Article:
Accra May 21, GNA - The 100 in 100 Obstetric Fistula Initiative has recorded 113 obstetric fistula repairs as at April 2, 2019,Professor Anyetei Lassey, Chairman of the National Obstetric Fistula Taskforce has said.
Out of the 113, Mercy Women’s Catholic Hospital Fistula Center, Mankessim recorded 56, Tamale Central Hospital Fistula Centre recorded 21repairs, Wa Regional Hospital 17 and Baptist Medical Centre Nalerigu repaired eight cases.
Assemblies of God Hospital, Saboba recorded six repaired cases, Koforidua Regional Hospital recorded three fistula repaired cases and Yendi Municipal Hospital repaired two fistula cases.
Speaking with the Ghana News Agency in Accra, Prof Lassey said 98 of these patients had been cured and were dry whilst 15 were still leaking urine for various reasons beyond the scope of this report.
The 100 in 100Initiative, was launched on May 23, 2018 with the aim of conducting 100 fistula repairs in 100 days, enhance awareness of obstetric fistula and mobilize funds for fistula repairs.
Implementation started on June 23rd, 2018 and the statistics excluded fistula repairs occurring in teaching hospitals over the period.
Obstetric Fistula is a distressing complication of prolonged, obstructed labour, resulting in the leakage of urine or faeces or both through the vagina.
The smell of the leaking urine, feces or both is constant and humiliating. This, if left untreated, could lead to chronic medical problems including ulcerations and kidney diseases.
Prof. Lassey outlining some challenges the Initiative faced along the line included the fact that: “The 100 in 100 initiative as declared, presumed the patients were already recruited. This, however, was not the case; hence, it took more than 100 days to meet the initiative target.
“Again, case identification, recruitment and mobilization for surgery were severely hampered by lack of funding.
He explained that Access Bank’s timely intervention of donating some money, paid for the cost of repairs performed at the Mankessim Centre only whereas UNFPA paid patients’ transportation and feeding at the Wa and Tamale hospitals.
“All, except the Mankessim Centre, relied on the National Health Insurance Scheme (NHIS) re-imbursements to recover the cost of surgeries. As a result, only fistula patients with active NHIS cards were considered for surgery outside the Mankessim Centre,” he added.
Prof. Lassey, however, called for the need to always budget for patient’s identification, recruitment and mobilization for surgery since it would be an additional burden on the patients who were already poor.
The National Fistula Taskforce Chairman, told the GNA that a study, carried out by the Ghana Health Service (GHS) in 2015, estimated that about 1,300 new cases of fistula occurred every year and yet, only less than 100 cases are repaired each year leaving 1, 200 cases without care.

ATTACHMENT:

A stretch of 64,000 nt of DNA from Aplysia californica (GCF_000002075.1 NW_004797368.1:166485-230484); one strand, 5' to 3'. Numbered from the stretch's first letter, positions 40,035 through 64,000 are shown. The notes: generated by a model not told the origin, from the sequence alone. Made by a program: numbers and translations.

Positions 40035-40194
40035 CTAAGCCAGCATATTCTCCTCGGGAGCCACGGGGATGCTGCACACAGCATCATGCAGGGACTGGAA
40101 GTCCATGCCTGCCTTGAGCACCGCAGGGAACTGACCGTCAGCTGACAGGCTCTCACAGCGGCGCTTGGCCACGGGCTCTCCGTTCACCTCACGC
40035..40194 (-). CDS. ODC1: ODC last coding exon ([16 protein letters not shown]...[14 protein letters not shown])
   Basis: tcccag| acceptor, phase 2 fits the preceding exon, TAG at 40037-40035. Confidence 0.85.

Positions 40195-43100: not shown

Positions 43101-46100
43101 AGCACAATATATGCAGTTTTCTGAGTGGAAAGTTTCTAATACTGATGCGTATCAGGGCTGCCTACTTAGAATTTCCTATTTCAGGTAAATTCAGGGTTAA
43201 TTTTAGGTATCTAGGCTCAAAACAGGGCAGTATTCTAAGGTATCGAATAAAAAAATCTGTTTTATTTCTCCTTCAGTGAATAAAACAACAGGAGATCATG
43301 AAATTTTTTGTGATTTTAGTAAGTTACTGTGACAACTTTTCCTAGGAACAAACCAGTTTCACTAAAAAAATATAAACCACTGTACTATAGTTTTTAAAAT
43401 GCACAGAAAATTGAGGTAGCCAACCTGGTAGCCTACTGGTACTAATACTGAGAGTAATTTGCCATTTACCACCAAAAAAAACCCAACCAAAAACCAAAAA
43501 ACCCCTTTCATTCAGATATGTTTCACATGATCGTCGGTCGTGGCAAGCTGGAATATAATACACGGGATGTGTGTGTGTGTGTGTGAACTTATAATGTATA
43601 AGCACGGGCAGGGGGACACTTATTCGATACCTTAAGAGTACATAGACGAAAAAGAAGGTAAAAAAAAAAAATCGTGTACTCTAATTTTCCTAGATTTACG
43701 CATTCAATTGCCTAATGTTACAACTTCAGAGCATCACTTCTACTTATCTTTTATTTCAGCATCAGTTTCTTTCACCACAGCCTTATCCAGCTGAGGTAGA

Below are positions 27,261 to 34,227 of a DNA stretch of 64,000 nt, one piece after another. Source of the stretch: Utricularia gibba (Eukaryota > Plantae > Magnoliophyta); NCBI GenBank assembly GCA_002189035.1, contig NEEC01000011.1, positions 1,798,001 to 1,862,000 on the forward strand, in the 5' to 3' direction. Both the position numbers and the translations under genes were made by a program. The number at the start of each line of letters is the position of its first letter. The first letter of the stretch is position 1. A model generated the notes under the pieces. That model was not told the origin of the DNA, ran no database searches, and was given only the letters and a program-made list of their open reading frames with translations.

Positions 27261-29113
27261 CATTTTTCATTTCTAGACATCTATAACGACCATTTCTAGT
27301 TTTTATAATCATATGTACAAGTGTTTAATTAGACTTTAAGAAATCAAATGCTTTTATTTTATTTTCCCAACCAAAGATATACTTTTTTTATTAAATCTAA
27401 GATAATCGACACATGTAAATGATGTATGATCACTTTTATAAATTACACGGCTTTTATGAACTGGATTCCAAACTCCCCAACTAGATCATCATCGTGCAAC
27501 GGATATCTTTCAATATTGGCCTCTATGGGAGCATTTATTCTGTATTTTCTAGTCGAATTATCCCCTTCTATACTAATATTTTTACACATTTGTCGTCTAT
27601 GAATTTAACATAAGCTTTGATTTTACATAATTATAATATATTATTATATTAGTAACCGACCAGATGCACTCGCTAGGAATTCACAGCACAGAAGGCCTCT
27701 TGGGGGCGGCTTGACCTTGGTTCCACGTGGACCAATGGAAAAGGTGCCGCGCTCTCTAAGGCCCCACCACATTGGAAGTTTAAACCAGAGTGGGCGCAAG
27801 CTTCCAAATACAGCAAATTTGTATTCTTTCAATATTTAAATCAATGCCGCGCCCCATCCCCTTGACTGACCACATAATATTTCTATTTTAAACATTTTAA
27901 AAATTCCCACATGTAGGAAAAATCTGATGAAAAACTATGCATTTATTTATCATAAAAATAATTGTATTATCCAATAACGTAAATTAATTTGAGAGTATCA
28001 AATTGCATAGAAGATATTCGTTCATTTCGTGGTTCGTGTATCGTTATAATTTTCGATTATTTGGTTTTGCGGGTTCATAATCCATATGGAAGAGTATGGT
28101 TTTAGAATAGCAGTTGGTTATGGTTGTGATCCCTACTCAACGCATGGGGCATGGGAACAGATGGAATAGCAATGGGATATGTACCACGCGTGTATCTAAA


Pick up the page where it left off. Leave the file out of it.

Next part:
The UNFPA together with the National Obstetric Taskforce and the GHS launched a National Obstetric Fistula Prevention and Management Strategy in 2017 and the 100 in 100 initiative was part of the implementation strategy.
“It is estimated that the average cost of fistula treatment including surgery and post-operative care, is approximately $700, which is well beyond the reach of most women with the condition”.
He said: “Access to maternal healthcare is a right and that must be accessible to every woman regardless of their financial status or geographical location.”
Prof Lassey commended the UNFPA, Ministry of Gender, Children and Social Protection (MOGCSP), and Civil Society Organisations for the pivotal role they have played in mobilising patients for the surgery and Access Bank for the financial support, which had helped to put smiles back on the faces of these women.
He called on other institutions to support the initiative financially to repair more cases and put smiles back on the faces of the victims.
He advised women who suffer from fistula conditions to report to the health facility and families who have such patients should take them to the health facility for the necessary assistance.
“We should not hide them or stigmatize them since the stigma and shame alone can kill them. They need our love and assistance to have the fistula repaired and be integrated back into society”, Prof. Lassey added.
Each year, between 50,000 to 100,000 women worldwide are affected by obstetric fistula, with an estimation of more than 2 million young women living with untreated obstetric fistula in Asia and sub- Saharan Africa.
The menace is a historical issue in the developed world. However, it is still prevalent in poor resource countries like Ghana. This is based on the fact that, about 2 million women in Sub-Saharan Africa and Asia are still suffering from the disorder. Meanwhile, it has been eliminated in Europe and America whiles women in developing countries continue to suffer in silence.